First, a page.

IT modernization remains a top priority for government leaders—it is no longer a case of “if”, but rather “when” transformation will occur. According to a recent study, 97% of IT decision makers are either currently undertaking digital transformation initiatives or have plans to by 2021. Now more than ever there is increased pressure on Government to become more Agile and efficient due in part to the new administration’s emphasis on reforming the federal government and reducing the federal civilian workforce (reference OPM Memo M-17-22). We are witnessing the perfect storm – the huge financial burden with 80% of the annual IT budget on operating and maintenance of existing systems, and the influx of money and support through the Modernizing Government Transformation (MGT) Act (Article: The 4 Components of IT Modernization). So, with the focus AND the budget, why are digital transformation projects failing?
Unsurprisingly, there are still numerous barriers that government IT leaders face, such as:
- Business and IT misalignment
- Time constraints
- Legacy infrastructure and systems
- Integrating siloed systems, apps, data, and processes
- Lack of skill sets and experience
- Risk management, compliance, and governance
- Company culture and mindset
- Hiring and retaining IT talent
While these numerous and very real barriers exist, the linchpin challenge remains the misalignment of the stakeholders (e.g. business and IT.) In simple terms, alignment is a ‘people’ issue. With the best of intentions in mind for the program, different parties play distinct roles and therefore speak different languages. Many components are lost in translation. The business or mission owners speak in terms of business need, the program owners speak in terms of technology solutions (typically the CIO shop in digital initiatives), the contracts team speaks in terms of contractual obligations and the end users of the system are focused on how the system works in practice not in best case scenarios.
Too often we see that systems are delayed, and cost escalate due to changing understanding, and even once a new system is in place, the organization fails to use the new technology as intended. The reality is, that the stakeholders often fail to adopt the new system fully. Resistance is often the result of the misalignment of; purpose, function, training to real world usage or benefits perceived by the various stakeholders. The result? Much money spent on replacing legacy systems do not produce the efficiencies expected because workaround solutions are developed by one or more stakeholders, or shadow IT solutions emerge to bridge the perceived gaps.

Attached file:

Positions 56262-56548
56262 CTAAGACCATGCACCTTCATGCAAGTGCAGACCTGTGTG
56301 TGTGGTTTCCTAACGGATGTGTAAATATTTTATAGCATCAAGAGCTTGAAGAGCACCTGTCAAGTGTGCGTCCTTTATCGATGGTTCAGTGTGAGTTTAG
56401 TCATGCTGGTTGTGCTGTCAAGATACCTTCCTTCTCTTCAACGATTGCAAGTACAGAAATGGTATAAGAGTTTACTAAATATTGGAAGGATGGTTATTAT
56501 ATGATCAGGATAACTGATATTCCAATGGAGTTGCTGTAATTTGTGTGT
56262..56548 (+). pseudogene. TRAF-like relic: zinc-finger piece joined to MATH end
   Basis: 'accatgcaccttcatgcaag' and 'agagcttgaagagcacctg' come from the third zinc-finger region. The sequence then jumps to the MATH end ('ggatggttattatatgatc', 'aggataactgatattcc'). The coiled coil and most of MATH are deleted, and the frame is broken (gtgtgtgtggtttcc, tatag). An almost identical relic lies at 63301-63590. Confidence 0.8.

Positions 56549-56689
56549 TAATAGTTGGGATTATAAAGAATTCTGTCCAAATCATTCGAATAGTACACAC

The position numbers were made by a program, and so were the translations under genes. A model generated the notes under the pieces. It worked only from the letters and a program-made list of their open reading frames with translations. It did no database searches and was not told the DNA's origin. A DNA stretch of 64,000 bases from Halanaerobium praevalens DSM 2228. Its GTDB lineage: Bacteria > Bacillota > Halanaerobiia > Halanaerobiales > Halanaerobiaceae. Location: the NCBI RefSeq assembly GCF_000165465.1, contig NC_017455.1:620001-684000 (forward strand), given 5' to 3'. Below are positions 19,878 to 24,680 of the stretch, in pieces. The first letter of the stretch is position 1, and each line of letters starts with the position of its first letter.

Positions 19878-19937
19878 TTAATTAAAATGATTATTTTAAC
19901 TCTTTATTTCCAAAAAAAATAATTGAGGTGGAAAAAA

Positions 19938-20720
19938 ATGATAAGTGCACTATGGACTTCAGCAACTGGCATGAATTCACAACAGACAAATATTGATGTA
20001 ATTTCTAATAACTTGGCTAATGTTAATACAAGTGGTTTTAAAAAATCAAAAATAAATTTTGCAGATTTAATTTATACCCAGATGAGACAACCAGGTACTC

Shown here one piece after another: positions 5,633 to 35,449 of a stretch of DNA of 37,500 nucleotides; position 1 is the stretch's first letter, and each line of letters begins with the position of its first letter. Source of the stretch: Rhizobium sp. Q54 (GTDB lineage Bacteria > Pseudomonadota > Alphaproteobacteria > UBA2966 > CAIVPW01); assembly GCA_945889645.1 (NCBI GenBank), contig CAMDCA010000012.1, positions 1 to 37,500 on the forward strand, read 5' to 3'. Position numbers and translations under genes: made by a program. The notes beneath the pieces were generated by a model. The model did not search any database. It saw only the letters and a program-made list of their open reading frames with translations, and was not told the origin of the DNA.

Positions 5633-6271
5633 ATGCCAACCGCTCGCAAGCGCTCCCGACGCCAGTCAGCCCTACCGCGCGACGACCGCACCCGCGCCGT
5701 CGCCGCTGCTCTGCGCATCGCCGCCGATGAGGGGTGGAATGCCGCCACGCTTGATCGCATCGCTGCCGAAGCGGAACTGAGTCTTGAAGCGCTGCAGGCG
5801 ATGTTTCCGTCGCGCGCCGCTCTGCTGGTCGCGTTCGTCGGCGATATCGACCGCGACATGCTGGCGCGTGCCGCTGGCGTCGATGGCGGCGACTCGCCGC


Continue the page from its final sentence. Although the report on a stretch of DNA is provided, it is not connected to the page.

When government agencies put adequate attention to all stakeholders
the result will be a more effective, sustainable technology transformation project.
If stakeholder misalignment is dealt with proactively—it can make the difference in a large IT modernization project failing or succeeding. Technology modernization must be viewed as a business enabler. As such, not only should the CIO lead, but also needs to partner with the CHCO, the CFO, and the program leaders and maybe most critically the ultimate users of a technology to build sustainable transformation. Only with this unified alignment, and a comprehensive adoption management solution, can sustainable transformation be obtained. This approach leverages a deep understanding of IT, but also addresses leadership alignment, awareness and communications, stakeholder engagement, identifying and managing resistance, training, and reinforcing changes in behavior.
When people, process, and technology are aligned, stakeholders can better anticipate the interdependencies and mitigate roadblocks before they occur. This results in a smoother digital transformation that better meets the needs of the agency. In the legacy system modernization scenario, technology solutions are delivered in an iterative and incremental manner, while building capacity to bridge skill and culture gaps, as well as training and engagement to ensure workforce readiness along the way.
The bottom line? To be successful, federal IT leaders need a trusted partner who can cut through the noise and focus on people, process, and technology concurrently. All involved in the business of government transformation efforts must recognized that IT modernization is not an end in itself—but a means to make agencies more effective and build capacity to evolve to ensure they can fulfill mission objectives. When government agencies put adequate attention on all components simultaneously (people, process, technology), the result will be a more effective, sustainable technology transformation project.